HP came to its senses this week and decided that ex-CEO Leo Apotheker’s decision to pull out of the PC market he didn’t understand was a bad decision. They’re staying in.
IBM stayed in the PC business much longer than was profitable because it helped them sell other things, like software, services, and servers. Eventually IBM decided that didn’t make any sense anymore, and sold the business to Lenovo.
But HP wasn’t losing money on PCs. They just aren’t immensely profitable. But here’s the thing: Selling PCs allows HP to sell a lot of other things. And HP sells a larger number of those other things than IBM.
HP should know this better than anyone. HP sells printers at a loss, for one and only one reason: to sell ink at a tremendous profit. So wouldn’t it make sense to sell PCs at a 5% profit in order to sell more printers at a loss in order to sell still more ink cartridges at a 5,000% profit?
And their suppliers like it too. Buying more PC components than anyone else gives them better prices on the components that go into printers and servers and other products. That lessens the loss HP takes on its printers and makes its servers more profitable.
On the consumer side, retailers love it because they can bundle printers and PCs from a single vendor. They’d rather deal with one vendor and negotiate for a discount, which HP should oblige thanks to the opportunity to sell ink in the future.
On the business side, “one neck to choke” is HP nemesis Oracle’s mantra, and HP can meet it. They can’t sell operating systems and they don’t have a lot of software to sell, but they have everything else you need: desktop PCs, printers, network equipment, servers, and service contracts.
IBM sold PCs at a loss in order to support those other businesses, and that was without having a printer business to speak of. If it made sense for IBM to lose money to support those businesses, it makes sense for HP to sell PCs at a small profit in order to do so.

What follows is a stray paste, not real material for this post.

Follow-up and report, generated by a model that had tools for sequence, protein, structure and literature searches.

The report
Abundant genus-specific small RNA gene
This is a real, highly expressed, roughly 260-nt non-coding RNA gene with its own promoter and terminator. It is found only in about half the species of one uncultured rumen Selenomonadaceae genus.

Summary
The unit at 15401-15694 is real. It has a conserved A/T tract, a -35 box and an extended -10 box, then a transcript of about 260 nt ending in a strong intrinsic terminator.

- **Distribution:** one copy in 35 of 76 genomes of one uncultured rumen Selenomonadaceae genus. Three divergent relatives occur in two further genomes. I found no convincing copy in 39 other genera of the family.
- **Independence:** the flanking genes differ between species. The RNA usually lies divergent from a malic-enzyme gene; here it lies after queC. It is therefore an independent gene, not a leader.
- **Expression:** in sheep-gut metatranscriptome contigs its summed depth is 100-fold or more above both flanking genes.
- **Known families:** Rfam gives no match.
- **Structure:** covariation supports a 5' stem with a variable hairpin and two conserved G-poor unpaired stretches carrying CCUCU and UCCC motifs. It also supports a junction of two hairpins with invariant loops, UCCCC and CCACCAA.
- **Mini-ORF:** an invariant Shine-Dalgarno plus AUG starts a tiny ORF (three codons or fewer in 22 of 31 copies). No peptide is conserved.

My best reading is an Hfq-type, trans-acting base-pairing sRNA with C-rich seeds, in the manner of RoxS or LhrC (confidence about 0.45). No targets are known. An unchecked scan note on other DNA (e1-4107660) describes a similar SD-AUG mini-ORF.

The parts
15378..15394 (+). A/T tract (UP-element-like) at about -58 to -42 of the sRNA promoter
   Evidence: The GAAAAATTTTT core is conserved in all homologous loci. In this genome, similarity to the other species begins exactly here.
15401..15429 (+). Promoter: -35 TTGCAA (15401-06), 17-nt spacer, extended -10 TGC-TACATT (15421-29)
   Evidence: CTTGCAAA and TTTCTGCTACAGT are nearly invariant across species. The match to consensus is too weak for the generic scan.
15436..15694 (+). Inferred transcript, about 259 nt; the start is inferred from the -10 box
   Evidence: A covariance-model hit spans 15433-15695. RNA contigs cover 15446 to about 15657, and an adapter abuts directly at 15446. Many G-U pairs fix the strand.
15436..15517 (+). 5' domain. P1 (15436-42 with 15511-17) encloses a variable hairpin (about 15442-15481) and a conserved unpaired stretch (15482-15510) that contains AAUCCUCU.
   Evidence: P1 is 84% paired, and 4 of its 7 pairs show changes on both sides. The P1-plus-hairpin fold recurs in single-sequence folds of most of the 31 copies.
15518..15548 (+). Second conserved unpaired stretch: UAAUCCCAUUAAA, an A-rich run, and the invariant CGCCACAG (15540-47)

If the PC business is an albatross for HP, the simple answer is they’re doing it wrong. Every single buyer for HP PCs is a likely buyer for something else HP does, especially on the business side. HP already sells more PCs and printers than anybody else. They need to be offering the rest of the package to those customers.
Getting into software is fine–it would complement the other things HP is doing. But it should complement those businesses, not replace them.
It did for IBM, but that was a process that grew over the course of nearly 20 years. It didn’t happen overnight there either. And HP still has profitable PC and printer businesses. IBM had neither. Why emulate IBM when the potential is there to do better?
David Farquhar is a computer security professional, entrepreneur, and author. He started his career as a part-time computer technician in 1994, worked his way up to system administrator by 1997, and has specialized in vulnerability management since 2013. He invests in real estate on the side and his hobbies include O gauge trains, baseball cards, and retro computers and video games. A University of Missouri graduate, he holds CISSP and Security+ certifications. He lives in St. Louis with his family.